24729 - One Way Ticket To Nashville
Produced by Jim Horn (tenor) Bob Deskins
24730 - A Prisoners Release
Produced by Jim Horn
Cabut Recording Co.
8 Mohician St. - Shelby, Ohio
We salute Gower Guitar, Nashville, Tenn
This is David Allan Coe's first record.
It in the 1950s while Coe was growing up in Akron. Those years found David Allan Coe in and out of trouble with the law, which led to his incarceration in Mansfield Ohio State Reformatory It was there that Coe's musical talents began to blossom as he sang in an inmate band.
"One of the reasons I kept going back to prison was because in prison I was somebody. I was the guy who won all of the talent contests. I was the singer. Everybody knew me. I was as famous in prison as Elvis was on the streets. But when I got out on the street I was just another asshole that sang and played guitar. You've got to find somethin' to take the place of all of that."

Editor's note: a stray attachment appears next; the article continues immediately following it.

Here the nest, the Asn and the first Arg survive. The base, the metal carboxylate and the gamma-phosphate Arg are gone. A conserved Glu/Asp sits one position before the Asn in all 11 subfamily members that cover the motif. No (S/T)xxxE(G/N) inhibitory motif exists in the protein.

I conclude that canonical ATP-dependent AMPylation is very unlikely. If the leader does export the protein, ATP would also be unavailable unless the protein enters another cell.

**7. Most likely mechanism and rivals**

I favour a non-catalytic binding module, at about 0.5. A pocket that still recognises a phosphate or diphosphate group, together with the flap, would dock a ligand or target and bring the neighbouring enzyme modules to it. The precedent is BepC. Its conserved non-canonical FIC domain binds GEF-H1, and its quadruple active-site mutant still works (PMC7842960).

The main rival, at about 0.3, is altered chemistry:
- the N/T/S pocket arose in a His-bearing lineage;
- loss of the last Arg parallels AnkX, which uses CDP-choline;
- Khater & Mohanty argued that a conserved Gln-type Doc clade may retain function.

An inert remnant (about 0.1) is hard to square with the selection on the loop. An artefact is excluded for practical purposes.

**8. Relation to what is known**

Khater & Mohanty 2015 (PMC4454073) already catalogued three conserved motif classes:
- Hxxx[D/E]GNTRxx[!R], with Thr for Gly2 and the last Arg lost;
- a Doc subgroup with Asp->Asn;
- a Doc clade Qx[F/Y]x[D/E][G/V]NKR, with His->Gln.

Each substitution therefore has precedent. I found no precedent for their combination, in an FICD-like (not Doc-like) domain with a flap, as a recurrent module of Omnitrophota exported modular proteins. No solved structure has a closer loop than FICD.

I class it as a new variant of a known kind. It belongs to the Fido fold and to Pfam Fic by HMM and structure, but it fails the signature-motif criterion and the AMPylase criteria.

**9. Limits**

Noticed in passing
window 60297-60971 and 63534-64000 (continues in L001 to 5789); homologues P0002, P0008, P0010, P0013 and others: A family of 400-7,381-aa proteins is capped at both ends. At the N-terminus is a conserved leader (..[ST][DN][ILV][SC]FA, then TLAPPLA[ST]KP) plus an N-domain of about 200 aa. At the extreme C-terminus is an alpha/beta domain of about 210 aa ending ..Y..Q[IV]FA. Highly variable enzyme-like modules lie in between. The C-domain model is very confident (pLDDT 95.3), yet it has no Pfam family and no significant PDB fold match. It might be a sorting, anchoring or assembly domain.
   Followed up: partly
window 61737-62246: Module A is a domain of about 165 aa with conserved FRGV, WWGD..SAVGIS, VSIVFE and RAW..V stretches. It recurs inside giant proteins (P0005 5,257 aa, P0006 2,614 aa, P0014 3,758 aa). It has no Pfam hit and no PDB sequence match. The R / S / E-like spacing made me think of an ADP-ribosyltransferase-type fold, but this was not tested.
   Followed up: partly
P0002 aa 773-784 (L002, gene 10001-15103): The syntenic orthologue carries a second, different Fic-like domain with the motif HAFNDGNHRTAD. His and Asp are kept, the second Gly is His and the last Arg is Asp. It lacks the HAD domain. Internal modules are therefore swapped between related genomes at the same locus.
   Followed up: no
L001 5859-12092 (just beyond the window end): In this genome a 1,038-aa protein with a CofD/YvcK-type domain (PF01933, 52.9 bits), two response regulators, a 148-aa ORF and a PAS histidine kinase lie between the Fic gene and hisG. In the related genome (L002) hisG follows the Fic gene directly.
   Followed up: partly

Once he was released the Ohio State Reformatory in Mansfield, Coe moved to Shelby, where he performed as "Killer Tony Coe," "Screamin' T.," and "T. Coe and the Dynamics." But his gigs in barrooms and basements didn't pay quite enough to cover his bills.
The first time I saw a 45-record with my name on it I thought I'd made it. It was on Cabut Records. There was a blind man that had a little studio in his garage that I cut the record in. It was called A Prisoner's Release backed with A One Way Ticket To Nashville. To be able to actually see that record and hear it on the radio -- nothing has ever surpassed that feeling of having gotten out of prison and being able to do that.